Time for Steelers defensive end Heyward to step up his game
Cam Heyward figures he'll soon have to face one inescapable, if not inevitable, reality.
At some point this season, he must prove to the Steelers that they invested wisely two years ago when they selected him in the first round of the NFL Draft.
He, too, finds himself in the unenviable position of being labeled a bust if he doesn't improve on the rather pedestrian numbers he put up the past two seasons.
The third-year defensive end has progressed slowly. The Steelers, it seems, are waiting patiently to see if Heyward still has value and the potential that ultimately will influence where he lands on the depth chart.
The Ohio State product begins his third season amid a cloud of uncertainty.
He isn't likely to supplant Ziggy Hood or Brett Keisel in the starting lineup, but he can dictate how much playing time he'll get — and how his future will be shaped.
“I'm confident he's going to prove he's ready to contribute in a big way this season,” linebacker Lawrence Timmons said. “We're going to need a lot of our young players to perform for us to get back to the playoffs.”
He knows what he has to do when training camp begins July 26 at St. Vincent in Latrobe.
It's time to prove he can be a force in the trenches, particularly with nose tackle Casey Hampton gone and an aging Keisel playing fewer downs for a defense that was ranked No. 1 in the NFL last season.
Two-and-a-half sacks over two years didn't cut it. And 26 solo tackles in 31 games falls far short of what was expected from the 31st overall pick in 2011.
“I set high expectations for myself every year,” the 6-foot-5, 288-pound Heyward said. “It doesn't mean I hit them, but I'll like to be in the ballpark.
“I'll say I'm where I want to be in the sense that I feel like I'm capable of doing big things. I've got to show my teammates that I can get the job done.”
The Steelers will need Heyward to resemble the player who tormented offenses in the Big Ten. He'll need to be more than a serviceable run-stopper now that Hampton and linebacker James Harrison are gone.
“It's different without Casey and Harrison. (Hampton) wasn't the most athletic, but he's the guy who kept the team together,” Heyward said.
“He was the glue that brought guys together. It's definitely different around here.”
Heyward is likely to get more chances to bolster his numbers and strengthen his resume this upcoming season, especially with and aging Keisel suffering through a series of nagging aches and pains.
Heyward, too, will be looking to define his role in Dick LeBeau's defense.
His scant body of work leaves some doubt about his ability as a pass-rusher and run-stopper.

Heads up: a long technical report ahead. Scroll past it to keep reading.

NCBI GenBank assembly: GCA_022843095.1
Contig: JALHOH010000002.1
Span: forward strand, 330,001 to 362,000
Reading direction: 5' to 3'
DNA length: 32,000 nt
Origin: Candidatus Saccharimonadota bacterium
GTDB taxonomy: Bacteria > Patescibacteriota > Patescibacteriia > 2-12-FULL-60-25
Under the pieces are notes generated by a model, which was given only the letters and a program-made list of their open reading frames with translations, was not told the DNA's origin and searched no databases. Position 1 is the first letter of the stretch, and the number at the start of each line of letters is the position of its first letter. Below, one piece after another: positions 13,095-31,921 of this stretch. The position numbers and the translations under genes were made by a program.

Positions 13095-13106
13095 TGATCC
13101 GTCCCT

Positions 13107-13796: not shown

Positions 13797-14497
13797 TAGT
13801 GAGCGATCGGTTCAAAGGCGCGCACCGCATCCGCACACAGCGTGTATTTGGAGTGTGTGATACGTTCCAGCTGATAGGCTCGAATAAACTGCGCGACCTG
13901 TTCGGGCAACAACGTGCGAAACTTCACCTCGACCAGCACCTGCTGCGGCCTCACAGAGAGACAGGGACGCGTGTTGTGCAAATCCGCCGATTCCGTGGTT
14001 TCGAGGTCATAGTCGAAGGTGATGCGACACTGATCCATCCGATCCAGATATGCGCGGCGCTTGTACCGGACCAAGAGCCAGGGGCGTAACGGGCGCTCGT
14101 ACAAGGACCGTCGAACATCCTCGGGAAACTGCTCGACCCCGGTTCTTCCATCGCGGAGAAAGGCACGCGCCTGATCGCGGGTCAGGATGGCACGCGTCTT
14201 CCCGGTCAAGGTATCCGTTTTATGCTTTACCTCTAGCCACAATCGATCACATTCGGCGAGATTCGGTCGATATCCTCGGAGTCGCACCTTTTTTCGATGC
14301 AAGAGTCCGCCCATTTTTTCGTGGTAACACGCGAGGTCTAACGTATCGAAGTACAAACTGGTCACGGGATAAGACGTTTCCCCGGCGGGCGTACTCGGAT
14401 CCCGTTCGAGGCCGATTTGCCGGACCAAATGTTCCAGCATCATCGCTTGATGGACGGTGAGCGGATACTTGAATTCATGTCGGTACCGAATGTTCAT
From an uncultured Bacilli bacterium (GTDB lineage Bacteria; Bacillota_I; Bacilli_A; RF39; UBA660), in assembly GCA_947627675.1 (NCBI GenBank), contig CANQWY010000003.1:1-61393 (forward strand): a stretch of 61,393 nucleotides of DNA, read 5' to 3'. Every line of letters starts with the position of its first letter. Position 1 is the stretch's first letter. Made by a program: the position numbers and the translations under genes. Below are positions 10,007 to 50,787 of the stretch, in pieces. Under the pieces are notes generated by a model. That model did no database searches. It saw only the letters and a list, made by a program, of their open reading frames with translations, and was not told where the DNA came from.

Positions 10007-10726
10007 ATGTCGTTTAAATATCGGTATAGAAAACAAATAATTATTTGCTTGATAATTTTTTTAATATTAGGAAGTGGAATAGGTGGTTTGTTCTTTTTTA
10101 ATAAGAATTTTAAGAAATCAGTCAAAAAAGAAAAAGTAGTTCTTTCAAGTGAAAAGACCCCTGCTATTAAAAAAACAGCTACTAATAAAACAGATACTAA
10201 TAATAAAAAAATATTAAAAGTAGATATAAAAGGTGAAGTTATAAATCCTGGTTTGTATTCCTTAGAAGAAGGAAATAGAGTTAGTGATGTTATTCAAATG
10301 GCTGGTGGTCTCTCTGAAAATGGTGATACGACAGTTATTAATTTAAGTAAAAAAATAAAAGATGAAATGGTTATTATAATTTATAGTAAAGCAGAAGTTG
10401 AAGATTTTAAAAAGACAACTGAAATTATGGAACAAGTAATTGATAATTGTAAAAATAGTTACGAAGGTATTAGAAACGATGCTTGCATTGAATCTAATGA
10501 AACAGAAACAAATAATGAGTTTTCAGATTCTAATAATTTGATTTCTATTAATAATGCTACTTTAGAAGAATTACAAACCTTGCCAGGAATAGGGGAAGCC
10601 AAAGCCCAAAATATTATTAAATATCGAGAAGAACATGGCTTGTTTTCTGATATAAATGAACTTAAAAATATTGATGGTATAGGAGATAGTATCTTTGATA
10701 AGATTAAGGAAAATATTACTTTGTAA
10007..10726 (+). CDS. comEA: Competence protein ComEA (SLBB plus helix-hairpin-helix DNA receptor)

“It's hard to define my role right now, but we'll see as the season rolls around,” Heyward said. “I have to be a player on this team who contributes in multiple ways. It doesn't matter if it's special teams or defensive line.
“I have to be a two-way player. If I want to be strictly a pass-rusher, then I'm in the wrong place. We want to stop the run first, but I want to be that guy in the nickel who gets that push.”
“I got into a little bit of rhythm last year, and it helped save Keisel and Ziggy physically,” Heyward said. “The best experience is game time.”
LeBeau and Timmons are looking for Heyward to be more assertive during the preseason.
“I have the athletic ability, so it's a matter of putting technique and ability together,” Heyward said. “Then, I have to transfer that onto the field.
“I have to come to work every day and leave no questions about my effort. When my number gets called this season, I have to be ready.
“I want to be consistent. I want to have one great play followed by another great play,” he said. “I can't have too many bad plays, not if I want to gain the confidence of the coaches.”
Admittedly, Heyward didn't meet all his goals last season.
“It was almost a loss because I didn't meet all the goals I wanted,” he said. “I need to have a productive training camp, so we can get this thing running.”
Show commenting policy
TribLive commenting policy
You are solely responsible for your comments and by using TribLive.com you agree to our Terms of Service.
We moderate comments. Our goal is to provide substantive commentary for a general readership. By screening submissions, we provide a space where readers can share intelligent and informed commentary that enhances the quality of our news and information.
While most comments will be posted if they are on-topic and not abusive, moderating decisions are subjective. We will make them as carefully and consistently as we can. Because of the volume of reader comments, we cannot review individual moderation decisions with readers.
We value thoughtful comments representing a range of views that make their point quickly and politely. We make an effort to protect discussions from repeated comments either by the same reader or different readers.
We follow the same standards for taste as the daily newspaper. A few things we won't tolerate: personal attacks, obscenity, vulgarity, profanity (including expletives and letters followed by dashes), commercial promotion, impersonations, incoherence, proselytizing and SHOUTING. Don't include URLs to Web sites.
We do not edit comments. They are either approved or deleted. We reserve the right to edit a comment that is quoted or excerpted in an article. In this case, we may fix spelling and punctuation.
We welcome strong opinions and criticism of our work, but we don't want comments to become bogged down with discussions of our policies and we will moderate accordingly.
We appreciate it when readers and people quoted in articles or blog posts point out errors of fact or emphasis and will investigate all assertions. But these suggestions should be sent via e-mail. To avoid distracting other readers, we won't publish comments that suggest a correction. Instead, corrections will be made in a blog post or in an article.